By Mike Miles
November 25th, 2013 | Uncategorized
Q. I understand that a federal civilian employee under FERS can make $52,000 a year to the Thrift Savings Plan. I know that the $17,500 regular contribution and the $5,500 catch-up contribution totaling $23,000 can be put into the Roth TSP. How much of the overall $52,000 limit can be put into the Roth TSP, and how would one contribute to the Roth TSP above the $17,500 and $5,500 limits?
A. You misunderstand the limits. The $17,500 and $5,500 limits are the total deferral limits to either the regular or Roth TSP.
November 17th, 2013 | Uncategorized
Here are the five basic Thrift Savings Plan funds in order from the highest to the lowest rate of return for the month of October: C Fund (4.60%), I Fund (3.38%), S Fund (2.94%), F Fund (0.89%), G Fund (0.19%). And here are the year-to-date results: S Fund (31.13%), C Fund (25.34%), I Fund (19.43%), G Fund (1.52%), F Fund (-0.78%).
Interesting? Maybe to some. Useful? I don’t know how.
As an investment manager — or TSP participant, as you are more commonly known — you are responsible for making, or delegating the making of, a massive series of decisions. Some of these decisions, like whether you contribute to the Roth or the Traditional TSP accounts, will most likely wind up being relatively insignificant. Others, like the distribution of your money among the available funds, will be instrumental to determining your financial future. As I’ve written before, making sure that the important decisions are the best they can possibly be is your primary objective as an investor. If you’re not sure which are the critical decisions, you’d be safe to make sure that every decision you make is the best it can be.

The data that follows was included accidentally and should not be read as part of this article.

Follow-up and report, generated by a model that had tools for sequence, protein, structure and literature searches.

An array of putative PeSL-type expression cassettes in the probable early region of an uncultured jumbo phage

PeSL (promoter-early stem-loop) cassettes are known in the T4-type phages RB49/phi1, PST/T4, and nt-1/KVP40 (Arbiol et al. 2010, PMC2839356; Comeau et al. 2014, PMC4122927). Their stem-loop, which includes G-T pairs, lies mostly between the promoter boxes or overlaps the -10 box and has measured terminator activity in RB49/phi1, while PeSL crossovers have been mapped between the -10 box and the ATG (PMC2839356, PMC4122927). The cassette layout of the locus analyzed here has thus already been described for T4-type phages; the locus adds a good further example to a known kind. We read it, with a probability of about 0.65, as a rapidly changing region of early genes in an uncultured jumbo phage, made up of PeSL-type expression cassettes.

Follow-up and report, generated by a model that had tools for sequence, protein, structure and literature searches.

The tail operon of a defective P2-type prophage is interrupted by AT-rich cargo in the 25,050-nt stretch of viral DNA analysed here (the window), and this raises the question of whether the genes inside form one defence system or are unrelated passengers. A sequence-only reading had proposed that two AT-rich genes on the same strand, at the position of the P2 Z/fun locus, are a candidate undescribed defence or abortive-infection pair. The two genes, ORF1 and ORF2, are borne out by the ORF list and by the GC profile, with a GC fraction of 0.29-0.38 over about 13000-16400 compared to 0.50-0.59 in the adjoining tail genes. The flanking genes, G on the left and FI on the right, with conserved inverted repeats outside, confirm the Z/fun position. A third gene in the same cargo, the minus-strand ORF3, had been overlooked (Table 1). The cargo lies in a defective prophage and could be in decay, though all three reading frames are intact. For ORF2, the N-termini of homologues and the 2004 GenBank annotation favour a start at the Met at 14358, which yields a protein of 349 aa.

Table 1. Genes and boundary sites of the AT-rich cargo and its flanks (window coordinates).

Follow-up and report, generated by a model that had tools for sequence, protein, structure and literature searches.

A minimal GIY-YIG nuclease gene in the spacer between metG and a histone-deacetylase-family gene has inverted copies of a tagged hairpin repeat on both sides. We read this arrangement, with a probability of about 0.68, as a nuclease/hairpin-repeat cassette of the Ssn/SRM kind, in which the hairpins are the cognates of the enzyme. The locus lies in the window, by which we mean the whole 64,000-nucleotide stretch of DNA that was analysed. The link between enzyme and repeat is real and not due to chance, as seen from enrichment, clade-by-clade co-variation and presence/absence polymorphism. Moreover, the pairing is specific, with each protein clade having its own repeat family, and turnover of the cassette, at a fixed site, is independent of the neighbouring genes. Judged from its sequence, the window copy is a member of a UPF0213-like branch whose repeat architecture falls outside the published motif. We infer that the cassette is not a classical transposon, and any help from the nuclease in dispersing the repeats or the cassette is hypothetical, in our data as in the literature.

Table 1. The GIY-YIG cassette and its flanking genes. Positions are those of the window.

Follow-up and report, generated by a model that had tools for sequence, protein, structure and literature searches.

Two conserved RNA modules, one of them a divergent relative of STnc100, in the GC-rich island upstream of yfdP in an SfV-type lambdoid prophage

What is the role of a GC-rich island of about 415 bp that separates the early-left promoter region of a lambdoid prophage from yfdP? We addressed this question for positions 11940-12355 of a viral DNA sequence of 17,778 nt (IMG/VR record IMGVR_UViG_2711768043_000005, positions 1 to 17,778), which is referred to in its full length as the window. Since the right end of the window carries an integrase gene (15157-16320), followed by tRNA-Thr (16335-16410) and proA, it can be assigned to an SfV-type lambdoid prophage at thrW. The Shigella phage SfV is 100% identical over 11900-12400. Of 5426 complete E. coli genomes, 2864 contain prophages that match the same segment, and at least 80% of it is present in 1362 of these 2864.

This brings me back to the question about the usefulness of historical performance data for the TSP, or any other, investment securities. Is it of any real value? I don’t believe it is. There is no strong evidence that this information, at least in the short run, is useful for predicting future results. You can’t go back and make decisions based on it. So, what good is it? Really, it’s no good at all. In my experience, it causes problems and leads to bad decision-making.
Two wrong-headed mistakes are often made. The first is the incorrect belief in the “due theory.” This is the fallacy that the probability of an independent event occurring goes up as the event does not occur: “I’ve just flipped 10 heads in a row, so the odds of flipping a tail on the next try are greater than 50 percent.” Not true!
The second, and I think more common, mistaken belief for investors is the momentum of inertia theory. This is belief that an independent series of events is likely to continue on its current path: “I just flipped 10 heads in a row, so the odds of flipping a head on the next try is greater than 50 percent.” Wrong again.
Sure, you can find historical records that support either of these theories, but that doesn’t mean they make any sense. You can find support for just about anything through back-testing large, randomly generated data sets, and a series of unpredictable events often shows surprising runs of luck, good or bad. Patterns appear to show up just about anywhere you look for them, even in random data.